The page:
Three days before my grandmother was killed by her mentally ill grandson, we stood together in Costco, perusing books.
“Tell me if we’re in a hurry, because I’m just hanging out,” she said.
“We are in no hurry, grandma. No hurry at all.”
No hurry at all.
If I could do it again, I would stand alongside her rather than two aisles away, and I would watch her 86-year-old hands touch each book, opening and closing covers. I would watch the way her fingers moved over the letters and I would hold her purse. I would ask what she was looking for.
“Does Mac like books about World War II?”
“I don’t think so. He’s more into those weird adult fantasy books.” I answered honestly. It made her laugh.
“But maybe,” I added. I didn’t want her to feel bad.
As we drove to my house, I offered to drive her to my mom’s around the corner, where she was staying, but when we pulled into my driveway, Georgia and Arlo came running out yelling “Grandma!” and she said, “I think I’ll stay.”
I think I’ll stay.
So she sat at my kitchen table with a glass of water, which I looked for the day after she died but could not find, with Arlo on her lap, and the two of them talked. When they didn’t talk, he sat with her, looking out from her lap, watching me make dinner. Ava and Rocket argued about whose turn it was to feed the dog. George was tired, and possibly yelled. Mac and I got annoyed at the kids.
If I could do it again, I would do it exactly like that, with her simply there, with us, a part of the raucous family.
When my mom came to get her, I am sure I said goodbye. I am sure I said goodbye and hugged her even though I do not quite remember, because that is what we always do, and I’m sure I said, “Have fun in Utah,” because the next morning she was going to visit another grandchild, and then she was going to come back to us.
She was going to come back to us.
That was her plan now that grandpa has passed: She was going to visit each grandchild and spend time with each of her 45 great-grandchildren and “really get to know them.” She told us all about it as she sat at my table, with Arlo on her lap. Mac leaned over and said, “Arlo REALLY loves her.”
I smiled. It was true. I thought of all the things we would do together. I thought I would take her to the B Street Theater, to the Nutcracker, to movies and the Mondavi Center and to San Francisco. Now that grandpa was gone, we could fill her time with a million things. My grandfather had been gone 5 weeks.
Three days after I am sure I said goodbye, at 7:30pm on Wednesday, November 9, my cousin came downstairs with a knife and stabbed her, and she died in the arms of her daughter.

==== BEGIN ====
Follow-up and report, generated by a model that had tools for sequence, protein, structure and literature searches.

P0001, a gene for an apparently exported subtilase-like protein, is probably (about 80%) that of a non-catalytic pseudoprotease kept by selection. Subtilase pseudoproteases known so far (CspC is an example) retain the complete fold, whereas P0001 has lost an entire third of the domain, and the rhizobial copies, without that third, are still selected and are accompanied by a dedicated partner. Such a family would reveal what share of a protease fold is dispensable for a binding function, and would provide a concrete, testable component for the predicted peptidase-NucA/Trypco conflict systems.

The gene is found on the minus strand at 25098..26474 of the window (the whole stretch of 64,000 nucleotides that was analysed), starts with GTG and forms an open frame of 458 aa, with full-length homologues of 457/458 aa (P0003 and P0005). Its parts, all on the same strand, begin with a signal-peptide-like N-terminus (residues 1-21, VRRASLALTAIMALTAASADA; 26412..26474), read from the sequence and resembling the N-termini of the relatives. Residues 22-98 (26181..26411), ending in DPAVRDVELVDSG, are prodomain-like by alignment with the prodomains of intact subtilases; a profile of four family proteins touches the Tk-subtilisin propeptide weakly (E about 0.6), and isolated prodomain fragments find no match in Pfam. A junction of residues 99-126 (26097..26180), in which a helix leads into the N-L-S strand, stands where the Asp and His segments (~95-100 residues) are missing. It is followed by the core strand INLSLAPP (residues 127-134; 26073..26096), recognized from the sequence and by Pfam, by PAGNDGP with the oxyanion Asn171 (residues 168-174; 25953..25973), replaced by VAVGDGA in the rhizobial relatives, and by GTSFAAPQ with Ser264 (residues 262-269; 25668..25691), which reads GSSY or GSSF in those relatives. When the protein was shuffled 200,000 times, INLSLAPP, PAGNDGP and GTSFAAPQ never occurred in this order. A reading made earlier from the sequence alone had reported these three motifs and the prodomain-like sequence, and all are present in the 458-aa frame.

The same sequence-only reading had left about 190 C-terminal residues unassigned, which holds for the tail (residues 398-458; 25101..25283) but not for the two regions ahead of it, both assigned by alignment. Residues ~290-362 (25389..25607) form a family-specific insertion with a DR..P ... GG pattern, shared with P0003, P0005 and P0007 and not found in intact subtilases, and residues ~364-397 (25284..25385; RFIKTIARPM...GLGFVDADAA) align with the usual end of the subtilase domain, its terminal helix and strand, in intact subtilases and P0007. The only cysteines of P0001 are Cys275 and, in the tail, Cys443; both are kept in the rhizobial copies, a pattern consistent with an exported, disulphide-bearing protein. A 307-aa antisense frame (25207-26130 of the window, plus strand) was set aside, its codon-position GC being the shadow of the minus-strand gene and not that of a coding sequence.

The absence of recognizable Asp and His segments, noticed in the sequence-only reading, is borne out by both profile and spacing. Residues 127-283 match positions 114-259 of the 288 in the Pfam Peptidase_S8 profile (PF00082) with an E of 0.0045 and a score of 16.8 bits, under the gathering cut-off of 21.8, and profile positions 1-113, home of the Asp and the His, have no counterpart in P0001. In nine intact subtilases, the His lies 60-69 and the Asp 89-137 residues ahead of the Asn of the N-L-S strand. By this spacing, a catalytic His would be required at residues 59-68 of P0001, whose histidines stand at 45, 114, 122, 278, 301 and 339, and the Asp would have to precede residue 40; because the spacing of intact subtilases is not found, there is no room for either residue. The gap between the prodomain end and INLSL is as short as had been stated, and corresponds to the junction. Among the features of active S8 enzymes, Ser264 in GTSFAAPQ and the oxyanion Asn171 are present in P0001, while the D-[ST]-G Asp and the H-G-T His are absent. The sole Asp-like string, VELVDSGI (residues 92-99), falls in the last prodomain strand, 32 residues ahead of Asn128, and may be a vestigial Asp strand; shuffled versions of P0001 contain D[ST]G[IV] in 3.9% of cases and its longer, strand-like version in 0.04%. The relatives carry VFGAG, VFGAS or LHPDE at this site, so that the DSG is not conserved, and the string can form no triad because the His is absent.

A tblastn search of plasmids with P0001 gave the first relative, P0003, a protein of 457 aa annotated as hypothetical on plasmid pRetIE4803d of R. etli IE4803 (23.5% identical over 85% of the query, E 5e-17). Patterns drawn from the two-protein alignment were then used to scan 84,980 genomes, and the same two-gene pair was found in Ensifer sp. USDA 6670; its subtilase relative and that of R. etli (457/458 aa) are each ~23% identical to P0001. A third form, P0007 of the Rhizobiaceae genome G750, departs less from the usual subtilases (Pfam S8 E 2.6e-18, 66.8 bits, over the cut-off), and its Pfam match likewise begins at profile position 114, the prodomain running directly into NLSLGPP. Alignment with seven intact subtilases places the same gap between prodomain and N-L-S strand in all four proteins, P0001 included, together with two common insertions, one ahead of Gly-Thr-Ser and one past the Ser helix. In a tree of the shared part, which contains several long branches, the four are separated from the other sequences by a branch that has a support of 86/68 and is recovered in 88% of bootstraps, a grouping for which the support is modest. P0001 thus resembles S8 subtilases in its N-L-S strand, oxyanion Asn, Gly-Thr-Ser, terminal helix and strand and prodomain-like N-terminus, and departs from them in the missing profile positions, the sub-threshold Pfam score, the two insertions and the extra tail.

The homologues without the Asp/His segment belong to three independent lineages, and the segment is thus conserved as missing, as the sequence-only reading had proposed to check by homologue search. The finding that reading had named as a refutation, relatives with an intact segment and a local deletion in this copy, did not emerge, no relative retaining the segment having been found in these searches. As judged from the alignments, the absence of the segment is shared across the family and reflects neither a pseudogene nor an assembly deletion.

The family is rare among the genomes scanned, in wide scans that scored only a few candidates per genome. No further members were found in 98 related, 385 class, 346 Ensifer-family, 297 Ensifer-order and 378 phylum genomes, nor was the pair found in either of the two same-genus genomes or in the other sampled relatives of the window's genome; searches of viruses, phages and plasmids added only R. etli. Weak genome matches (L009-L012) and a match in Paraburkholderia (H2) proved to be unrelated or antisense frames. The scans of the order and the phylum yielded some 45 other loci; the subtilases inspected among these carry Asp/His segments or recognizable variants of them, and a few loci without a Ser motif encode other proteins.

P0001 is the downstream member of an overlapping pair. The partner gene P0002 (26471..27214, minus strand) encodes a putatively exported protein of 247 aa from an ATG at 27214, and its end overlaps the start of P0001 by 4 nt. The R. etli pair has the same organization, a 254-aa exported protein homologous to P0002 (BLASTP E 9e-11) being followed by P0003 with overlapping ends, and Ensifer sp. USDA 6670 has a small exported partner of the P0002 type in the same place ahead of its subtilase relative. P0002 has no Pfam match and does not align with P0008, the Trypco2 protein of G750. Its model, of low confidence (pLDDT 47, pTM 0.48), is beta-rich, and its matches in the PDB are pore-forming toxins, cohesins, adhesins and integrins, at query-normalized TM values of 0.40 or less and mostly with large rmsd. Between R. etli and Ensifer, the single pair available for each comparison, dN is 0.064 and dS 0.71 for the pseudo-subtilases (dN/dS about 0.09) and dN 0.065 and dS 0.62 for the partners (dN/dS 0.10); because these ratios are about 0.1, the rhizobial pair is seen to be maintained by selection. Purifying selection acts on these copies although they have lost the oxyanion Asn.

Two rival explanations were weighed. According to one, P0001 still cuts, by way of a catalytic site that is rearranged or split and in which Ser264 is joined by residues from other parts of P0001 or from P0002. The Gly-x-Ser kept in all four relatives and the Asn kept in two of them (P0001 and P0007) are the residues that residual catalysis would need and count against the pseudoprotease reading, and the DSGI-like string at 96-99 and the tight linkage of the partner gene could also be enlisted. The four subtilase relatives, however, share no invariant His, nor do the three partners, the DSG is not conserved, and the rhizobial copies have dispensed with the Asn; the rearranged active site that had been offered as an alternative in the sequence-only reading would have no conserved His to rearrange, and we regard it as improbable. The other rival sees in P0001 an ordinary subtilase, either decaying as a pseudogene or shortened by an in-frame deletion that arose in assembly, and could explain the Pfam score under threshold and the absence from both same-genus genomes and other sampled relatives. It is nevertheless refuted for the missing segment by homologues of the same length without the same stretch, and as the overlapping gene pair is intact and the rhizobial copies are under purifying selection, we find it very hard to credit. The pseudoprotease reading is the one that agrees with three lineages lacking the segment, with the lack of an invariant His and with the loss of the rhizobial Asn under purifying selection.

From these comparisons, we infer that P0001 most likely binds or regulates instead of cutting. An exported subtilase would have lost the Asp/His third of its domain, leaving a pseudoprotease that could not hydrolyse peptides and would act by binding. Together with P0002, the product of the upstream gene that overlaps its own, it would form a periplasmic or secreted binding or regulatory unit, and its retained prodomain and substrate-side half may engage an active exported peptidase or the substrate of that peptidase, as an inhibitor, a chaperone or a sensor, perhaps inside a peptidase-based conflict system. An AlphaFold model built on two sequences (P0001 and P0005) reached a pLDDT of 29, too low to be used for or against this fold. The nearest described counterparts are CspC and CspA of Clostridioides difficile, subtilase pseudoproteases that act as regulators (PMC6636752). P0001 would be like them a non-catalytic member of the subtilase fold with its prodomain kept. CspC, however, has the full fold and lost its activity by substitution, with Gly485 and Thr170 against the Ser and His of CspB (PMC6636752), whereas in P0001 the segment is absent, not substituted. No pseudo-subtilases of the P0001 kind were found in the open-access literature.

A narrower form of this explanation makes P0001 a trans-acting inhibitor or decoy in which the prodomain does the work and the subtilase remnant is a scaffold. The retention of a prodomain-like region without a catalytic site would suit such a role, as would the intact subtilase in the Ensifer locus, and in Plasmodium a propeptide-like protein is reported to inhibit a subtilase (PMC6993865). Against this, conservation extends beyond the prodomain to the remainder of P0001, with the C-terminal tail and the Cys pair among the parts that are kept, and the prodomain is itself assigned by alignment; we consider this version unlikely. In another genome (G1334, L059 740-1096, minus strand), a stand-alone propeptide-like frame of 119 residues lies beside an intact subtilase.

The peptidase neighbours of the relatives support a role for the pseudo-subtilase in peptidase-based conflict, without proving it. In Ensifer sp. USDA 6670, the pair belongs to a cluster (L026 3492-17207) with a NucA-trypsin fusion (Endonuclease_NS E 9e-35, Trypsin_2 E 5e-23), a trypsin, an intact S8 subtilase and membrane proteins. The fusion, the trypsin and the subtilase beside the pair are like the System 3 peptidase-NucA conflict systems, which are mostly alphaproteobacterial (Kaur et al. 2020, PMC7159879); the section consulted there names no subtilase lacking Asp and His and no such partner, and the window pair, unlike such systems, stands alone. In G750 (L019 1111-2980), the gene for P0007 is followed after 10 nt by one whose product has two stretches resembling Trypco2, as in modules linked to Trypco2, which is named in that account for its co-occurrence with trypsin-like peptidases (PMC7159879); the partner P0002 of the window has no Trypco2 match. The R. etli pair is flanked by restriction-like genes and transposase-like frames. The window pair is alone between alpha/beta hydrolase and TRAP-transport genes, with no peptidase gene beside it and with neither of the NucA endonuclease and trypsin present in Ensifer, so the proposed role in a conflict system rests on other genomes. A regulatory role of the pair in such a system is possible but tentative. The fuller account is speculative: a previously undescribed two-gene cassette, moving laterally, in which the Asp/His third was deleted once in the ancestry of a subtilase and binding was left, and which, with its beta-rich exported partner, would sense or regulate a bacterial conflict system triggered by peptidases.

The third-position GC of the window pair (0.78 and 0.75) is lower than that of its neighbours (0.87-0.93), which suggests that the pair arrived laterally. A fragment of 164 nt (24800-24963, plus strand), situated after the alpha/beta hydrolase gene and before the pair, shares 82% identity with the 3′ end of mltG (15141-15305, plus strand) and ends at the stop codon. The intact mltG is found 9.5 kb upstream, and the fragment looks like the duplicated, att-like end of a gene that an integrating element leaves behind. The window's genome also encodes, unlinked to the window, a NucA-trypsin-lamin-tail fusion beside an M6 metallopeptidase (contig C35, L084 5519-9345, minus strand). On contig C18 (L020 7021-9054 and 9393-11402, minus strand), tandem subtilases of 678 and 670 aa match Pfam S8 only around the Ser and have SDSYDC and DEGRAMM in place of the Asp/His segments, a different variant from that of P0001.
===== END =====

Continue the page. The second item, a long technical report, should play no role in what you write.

Did you know grief moves through you like a freight train? Did you know it tears through you like a thousand shards of glass on rails and forces your chest to release a sound you never knew you could make? Did you know air moving in feels like fire? Air moving out feels like drowning.
I did not know this.
I did not know my body could make that sound. I did not know my knees would buckle and I did not know my mother would crumble against a wall, her legs too weak to support the truth.
I did not know pain like this existed. Too much for the body to contain. It rumbles and shakes in your blood, racing and slamming the walls of your body, your skin and bones, to get out and run, but it cannot, and only releases in broken wails and sad, wild rage.
I hear her now. My mother’s screaming. I will not forget the sound.
That night, I slept with her, as I did when I was a little girl, and when I looked over, she had tucked the blankets up over her face and under her chin and I thought I would give anything to remove even one sliver of her pain and make it mine.
I could not. She lost her mother. Killed. My nightmare as a child, my mama is living.
I touched her hair and tucked it behind her ears and prayed to god for morning.
I suppose I should say something helpful about mental illness, and how we need to support sick people better, and educate their families, and not be ashamed or minimize it or turn away, and I suppose some day I will say those things, but today, two days before we bury my grandmother, I sit with my mom at the ocean, because it’s where we’ve always gone when things are hard, to watch the wild beautiful rage of the water as it sings its roar against the rocks of my heart, and we wait to be filled again.